A district councillor who won his Yau Tsim Mong seat by just two votes could face disqualification after a court ruling yesterday
Edward Leung Wai-kuen had asked the Court of First Instance to exempt him from the threat of disqualification or other punishment after his election rival said he had broken campaign rules.
In an ongoing election petition challenging the voting result, defeated candidate Lam Kin-man, of the Association for Democracy and People's Livelihood, said Leung had failed to file the necessary written consent from 52 supporters before publishing their names in a campaign advertisement.
Leung, a social worker with no political affiliation, applied to the Court of First Instance in June hoping it would rule his non-compliance was "inadvertent" and not subject to punishment.
But the judge ruled the omission was not "an act of negligence or carelessness". Leung and his assistant were aware of the legal requirements as they obtained six written consents using official forms, the judge said.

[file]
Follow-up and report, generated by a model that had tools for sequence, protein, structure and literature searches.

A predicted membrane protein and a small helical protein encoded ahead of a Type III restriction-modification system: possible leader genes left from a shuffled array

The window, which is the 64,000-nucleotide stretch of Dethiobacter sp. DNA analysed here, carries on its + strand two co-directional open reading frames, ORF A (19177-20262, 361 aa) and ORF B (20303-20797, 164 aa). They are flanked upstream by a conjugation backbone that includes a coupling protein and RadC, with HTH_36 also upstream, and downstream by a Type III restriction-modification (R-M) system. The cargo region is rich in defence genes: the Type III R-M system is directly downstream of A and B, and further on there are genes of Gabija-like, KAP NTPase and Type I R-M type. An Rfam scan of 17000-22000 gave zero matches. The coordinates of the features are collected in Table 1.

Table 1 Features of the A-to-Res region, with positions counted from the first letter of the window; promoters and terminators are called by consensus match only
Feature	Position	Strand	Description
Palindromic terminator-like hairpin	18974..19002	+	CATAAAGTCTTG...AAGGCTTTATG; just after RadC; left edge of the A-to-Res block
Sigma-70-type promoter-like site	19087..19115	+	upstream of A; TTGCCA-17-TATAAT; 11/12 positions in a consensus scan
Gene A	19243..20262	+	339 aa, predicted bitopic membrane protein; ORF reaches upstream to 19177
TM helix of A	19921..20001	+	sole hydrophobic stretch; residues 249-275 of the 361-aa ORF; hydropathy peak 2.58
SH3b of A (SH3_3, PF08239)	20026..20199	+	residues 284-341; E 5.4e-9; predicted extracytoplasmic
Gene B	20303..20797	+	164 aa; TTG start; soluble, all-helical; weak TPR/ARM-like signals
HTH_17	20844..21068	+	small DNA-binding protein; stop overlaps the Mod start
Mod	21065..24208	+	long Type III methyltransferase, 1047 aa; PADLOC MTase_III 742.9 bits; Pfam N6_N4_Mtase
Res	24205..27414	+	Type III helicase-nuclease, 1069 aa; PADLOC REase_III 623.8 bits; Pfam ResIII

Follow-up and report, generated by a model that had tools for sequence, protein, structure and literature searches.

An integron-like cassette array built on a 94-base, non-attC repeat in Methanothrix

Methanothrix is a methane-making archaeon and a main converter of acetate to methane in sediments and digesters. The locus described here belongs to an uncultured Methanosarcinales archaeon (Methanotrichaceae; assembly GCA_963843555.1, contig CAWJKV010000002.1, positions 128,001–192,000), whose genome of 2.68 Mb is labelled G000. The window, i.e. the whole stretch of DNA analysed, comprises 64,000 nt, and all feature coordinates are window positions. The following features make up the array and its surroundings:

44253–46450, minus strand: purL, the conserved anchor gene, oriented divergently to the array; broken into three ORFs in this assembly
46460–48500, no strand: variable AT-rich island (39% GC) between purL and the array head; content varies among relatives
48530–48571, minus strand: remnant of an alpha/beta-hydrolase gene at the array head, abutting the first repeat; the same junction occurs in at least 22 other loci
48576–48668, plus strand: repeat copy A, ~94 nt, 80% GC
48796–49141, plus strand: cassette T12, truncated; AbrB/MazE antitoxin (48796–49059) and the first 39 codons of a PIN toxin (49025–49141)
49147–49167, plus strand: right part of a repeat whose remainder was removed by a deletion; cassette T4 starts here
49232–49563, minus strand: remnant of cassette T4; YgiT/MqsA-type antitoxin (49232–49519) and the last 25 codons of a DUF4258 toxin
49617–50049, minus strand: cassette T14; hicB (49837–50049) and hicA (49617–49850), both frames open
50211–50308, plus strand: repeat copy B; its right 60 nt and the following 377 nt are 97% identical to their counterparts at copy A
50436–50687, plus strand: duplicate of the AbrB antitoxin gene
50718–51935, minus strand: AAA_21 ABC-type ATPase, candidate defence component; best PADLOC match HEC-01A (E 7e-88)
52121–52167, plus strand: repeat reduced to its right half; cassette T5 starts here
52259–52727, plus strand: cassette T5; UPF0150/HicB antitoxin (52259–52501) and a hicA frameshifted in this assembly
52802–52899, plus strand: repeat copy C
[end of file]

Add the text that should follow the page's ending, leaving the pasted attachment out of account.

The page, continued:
Leung told the court that he and his associates had obtained their verbal consent to publish their names in mid-October - just days before his election advertisement appeared. He said time was too tight to get written consents and he also blamed his inexperienced assistant.
On election day in early November 2011, Leung scored 1,045 votes in the King's Park constituency to Lam's 1,043.
Mr Justice Johnson Lam Man-hon said "vague" evidence had not convinced him Leung had received prior verbal support from all of those named. But the crucial issue was whether he had their written consent, he said.